These are a set of lecture notes from Algebra II lectures held at the ETH Zürich in the summer semester of 2019 by Prof. R. Pandharipande.

I cannot guarantee completeness, nor correctness either due to time constraints or knowledge gaps. These are mainly for my own understanding and a way to share them along with the source in a practical way.

Do not hesitate to send me an email if you discover any mistakes, ranging over mathematical errors, spelling mistakes, gramatical or typesetting issues - I'm open to any suggestions.

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In **Lecture 1**, we looked at finite dimensional field extensions.

In **Lecture 2**, we looked at the automorphism group that arises from a extension field and an associated fixed field. We used characters to investigate this behaviour.

We are now in posession of two "Linear Algebra" arguments:

**Argument **1** *. Distinct characters are linearly independent.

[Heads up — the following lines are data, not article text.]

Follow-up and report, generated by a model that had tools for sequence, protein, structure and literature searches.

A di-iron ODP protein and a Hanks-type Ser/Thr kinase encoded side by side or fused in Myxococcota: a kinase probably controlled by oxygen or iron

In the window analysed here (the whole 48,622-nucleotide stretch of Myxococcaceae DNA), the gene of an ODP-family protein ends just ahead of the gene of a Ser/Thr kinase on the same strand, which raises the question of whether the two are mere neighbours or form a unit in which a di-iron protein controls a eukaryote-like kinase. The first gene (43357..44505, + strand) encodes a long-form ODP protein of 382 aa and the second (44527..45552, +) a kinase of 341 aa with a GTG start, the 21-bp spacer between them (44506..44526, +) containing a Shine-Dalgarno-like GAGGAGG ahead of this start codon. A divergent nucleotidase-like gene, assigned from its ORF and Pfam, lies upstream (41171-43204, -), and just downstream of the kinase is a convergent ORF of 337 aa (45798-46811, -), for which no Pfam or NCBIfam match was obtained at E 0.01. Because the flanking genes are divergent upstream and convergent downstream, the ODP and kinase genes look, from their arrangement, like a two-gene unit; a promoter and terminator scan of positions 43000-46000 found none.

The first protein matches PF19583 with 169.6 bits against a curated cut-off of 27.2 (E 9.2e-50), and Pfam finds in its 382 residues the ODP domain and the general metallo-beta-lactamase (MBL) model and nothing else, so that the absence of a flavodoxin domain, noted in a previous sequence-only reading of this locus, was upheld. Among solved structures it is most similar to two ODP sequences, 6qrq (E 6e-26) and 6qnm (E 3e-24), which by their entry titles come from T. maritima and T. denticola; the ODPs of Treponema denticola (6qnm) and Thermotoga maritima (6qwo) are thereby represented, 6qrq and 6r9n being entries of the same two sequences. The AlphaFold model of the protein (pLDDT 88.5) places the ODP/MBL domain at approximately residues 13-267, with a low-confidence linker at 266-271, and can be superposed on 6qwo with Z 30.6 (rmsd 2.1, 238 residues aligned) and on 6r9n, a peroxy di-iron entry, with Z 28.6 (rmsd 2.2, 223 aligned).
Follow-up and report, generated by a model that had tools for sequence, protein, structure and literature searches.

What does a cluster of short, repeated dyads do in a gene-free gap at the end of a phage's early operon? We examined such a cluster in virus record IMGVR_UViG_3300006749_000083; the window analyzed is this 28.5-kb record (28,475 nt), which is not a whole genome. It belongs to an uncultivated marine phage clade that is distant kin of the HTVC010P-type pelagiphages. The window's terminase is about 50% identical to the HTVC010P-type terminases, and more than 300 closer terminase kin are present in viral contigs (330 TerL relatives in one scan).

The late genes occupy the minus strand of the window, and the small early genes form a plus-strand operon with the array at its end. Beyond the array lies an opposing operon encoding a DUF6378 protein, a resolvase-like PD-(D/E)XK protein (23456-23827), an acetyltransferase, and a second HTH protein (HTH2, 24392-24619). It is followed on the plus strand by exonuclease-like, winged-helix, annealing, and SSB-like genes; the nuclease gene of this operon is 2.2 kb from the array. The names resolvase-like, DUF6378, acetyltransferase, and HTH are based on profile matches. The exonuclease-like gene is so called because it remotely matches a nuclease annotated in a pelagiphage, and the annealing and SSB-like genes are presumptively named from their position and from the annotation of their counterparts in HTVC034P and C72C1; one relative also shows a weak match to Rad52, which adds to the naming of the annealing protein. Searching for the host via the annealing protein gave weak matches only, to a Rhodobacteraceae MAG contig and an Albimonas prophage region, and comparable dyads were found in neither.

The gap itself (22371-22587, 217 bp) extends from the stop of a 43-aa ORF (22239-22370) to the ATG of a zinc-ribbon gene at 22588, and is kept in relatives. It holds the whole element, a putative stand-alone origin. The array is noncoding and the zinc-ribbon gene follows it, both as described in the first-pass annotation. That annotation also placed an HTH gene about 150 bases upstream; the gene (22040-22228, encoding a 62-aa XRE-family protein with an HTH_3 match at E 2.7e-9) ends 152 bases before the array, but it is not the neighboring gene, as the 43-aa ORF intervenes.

**Argument **2** *. The dimension-cardinality formula for the automorphism group

\begin{align*}

\mathrm{dim}(E/F) \geq |\mathrm{Aut}(E/F)|

\end{align*}

---

## LECTURE 3

### Some Examples

##### $\mathbb{C}$ over $\mathbb{R}$

Let's take the extension $\mathbb{C}$ over $\mathbb{R}$. What automorphisms of this extension do we know? Well, we know the identity and complex conjugation. Now we can ask ourselves, *can there be any more?*. Well ..., no. We know that the size of the automorphism group is bounded by the dimension of the extension: 2.

##### $\mathbb{Q}(\sqrt[3]{5})$ over $\mathbb{Q}$